Through a Positive-filtering lens, usually cyan-colored, one may see Mars as it exists on the Negative Plane: Shadow Mars. The red planet appears black, and its cyan occupants shimmer white against the cyan sky and black planet like an inversion of a starry night sky. Thin rivers of iridescent azure vein across the twinkling lights of cyan cities like connecting the dots of astrological formations, pulsing with schools of fish and nixies overwatched by the vampire lords.

Monday, June 1, 2020

The Specialist

I've never played with Hirelings. That's just not the kind of game I play, with resource management and discrete mapping of treasure to XP and high lethality. I respect that style of play, but it's just not for me. That being said, I think there's a place for NPC companions besides Hirelings and GMPCs. In the past, I've mainly used NPCs which I'll call Handlers, like Arnold Tanaka for the SHIELDBREAKER scenario of my Phantasmos setting, or Patrick Russo for the Howlston Boom Town scenario of my Aquarian Dawn setting. They usually don't accompany the party directly but provide context for the setting and scenario (especially at the beginning), and can give the party information, associates, or outright "quests" if they need it, and I try to make them interesting or funny in their own right.

I like the Handlers, and I like the label as a framing device, and it makes me think about what other framing devices I can use for NPCs who are more than NPCs but less than GMPCs. Part of it is about making them easier to create or use or make interesting, part of it is to make it more obvious to the party what their value is, so that they are actually useful, but don't take away agency from the party.

I've decided to call this category of NPCs Specialists, the idea being that they have some highly specialized skillset or knowledge, or are in a unique situation, which would make them useful beyond what any party would likely be able to do on their own (at least from the start), but are otherwise not well-rounded enough to be adventurers themselves (or are, due to their circumstances, otherwise indisposed). You might think in some cases that they're taking away from challenges the party could face for themselves, but I would argue it's just changing the nature of the challenge. I don't like the minutia of mapping a dungeon, but finding the best Cartographer for this dungeon and keeping them satisfied is much more appealing. Cartographer A is more experienced, but hates spiders. Cartographer C is the best, but they won't accept any job unless they can 100% map the dungeon. Cartographer E is as good as the others and cheaper, but he's really, really gross and annoying. These are more suggestions than hard-rules, have fun with it!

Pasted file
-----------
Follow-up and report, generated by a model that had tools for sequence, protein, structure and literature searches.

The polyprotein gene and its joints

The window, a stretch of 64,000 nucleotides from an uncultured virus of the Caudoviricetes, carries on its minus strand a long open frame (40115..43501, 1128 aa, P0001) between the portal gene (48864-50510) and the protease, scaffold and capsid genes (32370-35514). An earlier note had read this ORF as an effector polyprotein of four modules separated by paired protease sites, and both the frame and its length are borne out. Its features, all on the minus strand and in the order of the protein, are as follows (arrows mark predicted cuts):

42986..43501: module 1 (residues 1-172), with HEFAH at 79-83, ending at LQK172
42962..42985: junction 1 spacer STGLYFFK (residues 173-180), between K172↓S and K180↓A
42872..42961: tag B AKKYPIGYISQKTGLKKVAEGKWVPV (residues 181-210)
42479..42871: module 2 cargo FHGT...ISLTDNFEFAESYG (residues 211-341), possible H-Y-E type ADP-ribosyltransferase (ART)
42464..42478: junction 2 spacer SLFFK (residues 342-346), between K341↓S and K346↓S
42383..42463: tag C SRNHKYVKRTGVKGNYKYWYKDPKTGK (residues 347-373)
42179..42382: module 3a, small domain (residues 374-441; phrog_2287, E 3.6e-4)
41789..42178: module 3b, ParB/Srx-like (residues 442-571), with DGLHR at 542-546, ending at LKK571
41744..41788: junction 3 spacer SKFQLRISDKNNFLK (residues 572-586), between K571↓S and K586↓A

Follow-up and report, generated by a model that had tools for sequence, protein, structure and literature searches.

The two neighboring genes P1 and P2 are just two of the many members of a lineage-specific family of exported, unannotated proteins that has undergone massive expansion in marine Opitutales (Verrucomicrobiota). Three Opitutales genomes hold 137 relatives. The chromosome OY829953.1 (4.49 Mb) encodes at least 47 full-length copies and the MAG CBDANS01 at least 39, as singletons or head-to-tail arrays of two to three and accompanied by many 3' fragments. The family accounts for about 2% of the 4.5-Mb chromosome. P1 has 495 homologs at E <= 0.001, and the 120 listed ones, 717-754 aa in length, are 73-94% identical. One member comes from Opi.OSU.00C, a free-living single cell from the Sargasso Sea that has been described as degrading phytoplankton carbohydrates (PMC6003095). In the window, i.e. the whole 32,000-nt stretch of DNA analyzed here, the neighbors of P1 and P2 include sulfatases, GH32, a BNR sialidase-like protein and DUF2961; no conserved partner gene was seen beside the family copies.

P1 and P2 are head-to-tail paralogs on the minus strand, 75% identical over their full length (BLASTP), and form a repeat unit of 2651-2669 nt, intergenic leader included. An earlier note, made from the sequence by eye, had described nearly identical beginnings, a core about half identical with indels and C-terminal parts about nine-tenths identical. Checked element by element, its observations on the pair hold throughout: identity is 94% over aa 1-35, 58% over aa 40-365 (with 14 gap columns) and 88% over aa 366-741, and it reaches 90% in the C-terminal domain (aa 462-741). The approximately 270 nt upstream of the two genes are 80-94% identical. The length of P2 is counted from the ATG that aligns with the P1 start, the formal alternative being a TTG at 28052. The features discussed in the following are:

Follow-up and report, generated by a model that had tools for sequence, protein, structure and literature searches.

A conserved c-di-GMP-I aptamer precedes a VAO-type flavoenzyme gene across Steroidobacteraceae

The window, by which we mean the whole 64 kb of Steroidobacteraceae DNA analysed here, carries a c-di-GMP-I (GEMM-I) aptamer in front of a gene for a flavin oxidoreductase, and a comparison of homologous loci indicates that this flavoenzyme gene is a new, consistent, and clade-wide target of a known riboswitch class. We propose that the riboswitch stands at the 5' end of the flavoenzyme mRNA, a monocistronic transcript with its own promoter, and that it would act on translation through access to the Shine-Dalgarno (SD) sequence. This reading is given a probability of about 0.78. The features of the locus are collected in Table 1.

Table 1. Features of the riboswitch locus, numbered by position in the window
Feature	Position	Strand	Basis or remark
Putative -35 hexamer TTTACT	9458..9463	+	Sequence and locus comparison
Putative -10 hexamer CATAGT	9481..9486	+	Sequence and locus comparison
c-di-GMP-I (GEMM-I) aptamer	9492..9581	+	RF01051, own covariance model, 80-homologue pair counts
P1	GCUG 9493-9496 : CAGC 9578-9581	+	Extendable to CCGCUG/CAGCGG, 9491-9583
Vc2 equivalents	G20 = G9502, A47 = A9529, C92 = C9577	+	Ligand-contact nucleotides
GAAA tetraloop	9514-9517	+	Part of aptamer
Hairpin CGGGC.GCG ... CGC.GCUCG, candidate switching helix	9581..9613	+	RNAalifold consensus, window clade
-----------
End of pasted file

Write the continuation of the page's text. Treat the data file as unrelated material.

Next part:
This post was loosely inspired by a comedy special that just came out on Netflix from Bob Rubin. It was a bonus episode attached to Patton Oswalt's new special. Bob is... interesting. I enjoyed it, but I don't know if I'd recommend it to everybody. I don't know if I'd call it "good" comedy, but there were moments of brilliance. Anyway, he has a whole bit about how when you own a house and need housework done, you get a contractor, but when the contractor needs to get something specific done, they get a sub-contractor. And these sub-contractors are all crazy unreal cartoon people who can barely function in the world, but are singularly masters at what they do. It was one of the funnier bits, and you could take his sub-contractors wholesale as Specialists.

The Handler

The Handler is wealthier, better connected, or more experienced than the party. They are employers or managers, or agents or consultants. They aren't necessarily adventurers themselves; maybe they used to be but retired from the job, or worked their way up the hierarchy, or got injured on the job. They might come along in a pinch and are quite skilled, although a bit rusty or past their prime. Or maybe they were never adventurers but have a knack for management. Or maybe they're bad at their job and got it through luck or nepotism but the party is stuck with them.

The Scholar